Ruth Mason
Writer, mother, parent educator, activist, gardner

Life in the 70s – Happiness is in your Head

It was 27-year-old Gabe’s idea to celebrate my 70th birthday in Sinai. Son #2, Yosef, flew in from Portland for the occasion. I worried about taking our baby granddaughter, but I know responsible people who take their kids there, and while some of us were hesitant, we decided to ignore the government’s warning and take the plunge. Gabe goes regularly to “clean his head” as they say here, and has always come back in one piece.

The sea was vast and peaceful, the Saudi Arabian mountains turned violet at sunset, and the weather was sunny and warm, a sharp contrast to cold, rainy Jerusalem. The “camp” we found – Moon Island 2 – was hospitable and quiet, and we all slept together in our two-room hut – which spoke to what Bob calls my “past-itis.” We ate our vegetarian meals in the central “zula” on colorful Bedouin cushions around low tables with a host of other Israeli families.

I’m taking the time to set this scene for you because something happened there – a life lesson, if you will. I realized how much of our happiness is dependent on our habits of thought.

I turned 70. A big birthday. I would have loved some heartfelt written words from each of my kids and from Bob. I’ve seen other people’s children make amazing slide shows, films or albums for their parents’ big birthdays. I didn’t get those, but here’s what I did get (in addition to all the time my kids took off to celebrate two weekends with me, including one Ilana, our eldest, organized with extended family; a couple of good novels from Bob and the thousands of miles Yosef traveled to be here:)

On my birthday itself, which was a Shabbat, we were sitting in the main zula when I said, “Oh, shoot, I forgot the sunscreen in the room” (47 steps up.) Next thing I knew, Gabe had gotten it and placed it in front of me. As we were eating breakfast, I said (probably for the millionth time in my life,) “I could use some lemon.” Without saying a word, Ilana got up, went to the kitchen and came back with a lemon, cut in half and perfect for squeezing. (One of my pet peeves is asking for lemon in a restaurant and getting thin, useless slices.)  When I wanted company for a walk, Yosef, not a big walker, immediately said he would come. Gabriel kept me supplied with my favorite plant – God’s gift to creation – and long, exploratory talks. Despite the fact that a couple of pretty, young women invited him to hang out, he chose to spend most of his time with us.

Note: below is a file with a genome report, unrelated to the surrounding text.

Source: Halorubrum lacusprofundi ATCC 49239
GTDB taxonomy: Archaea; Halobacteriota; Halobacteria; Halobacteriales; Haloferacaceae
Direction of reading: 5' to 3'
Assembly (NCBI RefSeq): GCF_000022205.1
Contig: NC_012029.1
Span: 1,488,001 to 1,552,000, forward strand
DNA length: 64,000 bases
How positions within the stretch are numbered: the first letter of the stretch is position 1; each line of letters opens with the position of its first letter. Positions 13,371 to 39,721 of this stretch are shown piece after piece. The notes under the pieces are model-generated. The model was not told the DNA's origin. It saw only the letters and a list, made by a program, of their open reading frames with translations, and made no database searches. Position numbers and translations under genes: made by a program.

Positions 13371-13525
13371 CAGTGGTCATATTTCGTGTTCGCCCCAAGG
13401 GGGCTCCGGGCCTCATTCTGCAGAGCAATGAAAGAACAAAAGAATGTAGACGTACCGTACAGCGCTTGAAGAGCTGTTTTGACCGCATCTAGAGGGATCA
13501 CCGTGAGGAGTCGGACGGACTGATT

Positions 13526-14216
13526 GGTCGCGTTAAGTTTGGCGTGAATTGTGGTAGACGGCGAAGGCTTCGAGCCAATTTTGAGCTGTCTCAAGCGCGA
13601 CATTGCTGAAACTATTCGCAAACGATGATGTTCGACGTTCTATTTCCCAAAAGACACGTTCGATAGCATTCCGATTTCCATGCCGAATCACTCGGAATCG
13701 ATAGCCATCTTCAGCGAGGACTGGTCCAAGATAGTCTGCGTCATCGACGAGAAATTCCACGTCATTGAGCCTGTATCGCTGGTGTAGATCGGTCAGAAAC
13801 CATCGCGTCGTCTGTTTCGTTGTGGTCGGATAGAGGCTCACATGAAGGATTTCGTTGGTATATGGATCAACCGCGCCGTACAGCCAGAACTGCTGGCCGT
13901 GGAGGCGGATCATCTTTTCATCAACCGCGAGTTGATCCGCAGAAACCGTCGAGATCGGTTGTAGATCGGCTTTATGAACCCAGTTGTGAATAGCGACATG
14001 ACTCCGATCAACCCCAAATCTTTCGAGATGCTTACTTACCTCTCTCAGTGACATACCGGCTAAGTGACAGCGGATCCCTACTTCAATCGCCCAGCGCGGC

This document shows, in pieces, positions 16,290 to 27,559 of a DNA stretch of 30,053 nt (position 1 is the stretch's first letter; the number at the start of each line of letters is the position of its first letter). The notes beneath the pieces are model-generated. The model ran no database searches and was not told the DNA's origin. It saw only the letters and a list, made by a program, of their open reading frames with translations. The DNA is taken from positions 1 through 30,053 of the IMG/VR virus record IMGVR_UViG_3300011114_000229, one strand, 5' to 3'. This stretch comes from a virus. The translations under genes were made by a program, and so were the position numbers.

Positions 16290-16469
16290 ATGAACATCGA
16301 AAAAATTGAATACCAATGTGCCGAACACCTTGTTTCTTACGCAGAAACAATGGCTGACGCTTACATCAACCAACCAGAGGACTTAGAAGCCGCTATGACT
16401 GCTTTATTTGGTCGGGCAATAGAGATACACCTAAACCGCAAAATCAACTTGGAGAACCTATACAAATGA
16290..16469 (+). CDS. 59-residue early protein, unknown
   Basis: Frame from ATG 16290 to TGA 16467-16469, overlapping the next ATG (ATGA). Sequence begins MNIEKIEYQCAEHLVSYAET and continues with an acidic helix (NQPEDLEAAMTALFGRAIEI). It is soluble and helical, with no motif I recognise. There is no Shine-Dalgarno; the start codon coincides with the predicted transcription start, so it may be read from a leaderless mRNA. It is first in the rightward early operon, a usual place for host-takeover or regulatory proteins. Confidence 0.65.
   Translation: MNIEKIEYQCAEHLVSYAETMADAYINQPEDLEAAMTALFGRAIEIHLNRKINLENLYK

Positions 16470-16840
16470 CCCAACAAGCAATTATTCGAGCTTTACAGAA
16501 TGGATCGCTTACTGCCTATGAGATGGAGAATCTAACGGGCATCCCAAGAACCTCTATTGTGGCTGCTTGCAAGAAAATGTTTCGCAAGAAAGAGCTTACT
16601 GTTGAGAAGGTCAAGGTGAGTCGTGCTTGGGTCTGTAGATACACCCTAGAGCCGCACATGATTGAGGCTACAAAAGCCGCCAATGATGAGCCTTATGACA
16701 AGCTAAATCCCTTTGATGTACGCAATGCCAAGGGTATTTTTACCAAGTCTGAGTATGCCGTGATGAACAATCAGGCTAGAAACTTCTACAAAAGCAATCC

After a lifetime of complaining about my circles (“let’s go around and say…”,) Gabe organized a meaningful one for me. It’s called Ayin Tova (Good Eye) and he learned it from an expert who is helping him and other students organize team-building exercises before a smart cities hackathon they are organizing at the Interdisciplinary Center, Herzliya (IDC.) I first played this at the Honolulu Havurah in the early 70’s and it was moving and meaningful to do it with my family. Everyone takes a minute to think, then says one thing they like or appreciate about everyone else. The best part, for me, was hearing what my kids – who can be a contentious bunch – like about one another.

Here’s what I realized: I could have focused on what I didn’t get and made myself feel miserable and deprived. But by some grace, I managed – seemingly without effort – to focus on all the little – and big – things that did happen. I felt my family’s love through the actions they chose rather than wishing they had done something else. Energy follows attention, and I guess feelings do, too.

Maybe this is just another take on the old glass-half-empty-half-full dictum but I’d always thought that was an inborn perspective. You see it either this way or that way. What I now know is that you can choose.

Epictetus, a Greek Stoic philosopher that Yosef admires, said, “Men are disturbed not by things, but by the views which they take of things.”

Women, too.

About the Author
Born to Bukharian parents in Los Angeles, Ruth Mason immigrated to Israel with her family in 1993 after a long stint in Manhattan. She is a veteran journalist and columnist who now writes for Shatil, the action arm of the New Israel Fund. A lifelong baby lover, she teaches parent-infant classes based on the RIE and Pikler approaches.
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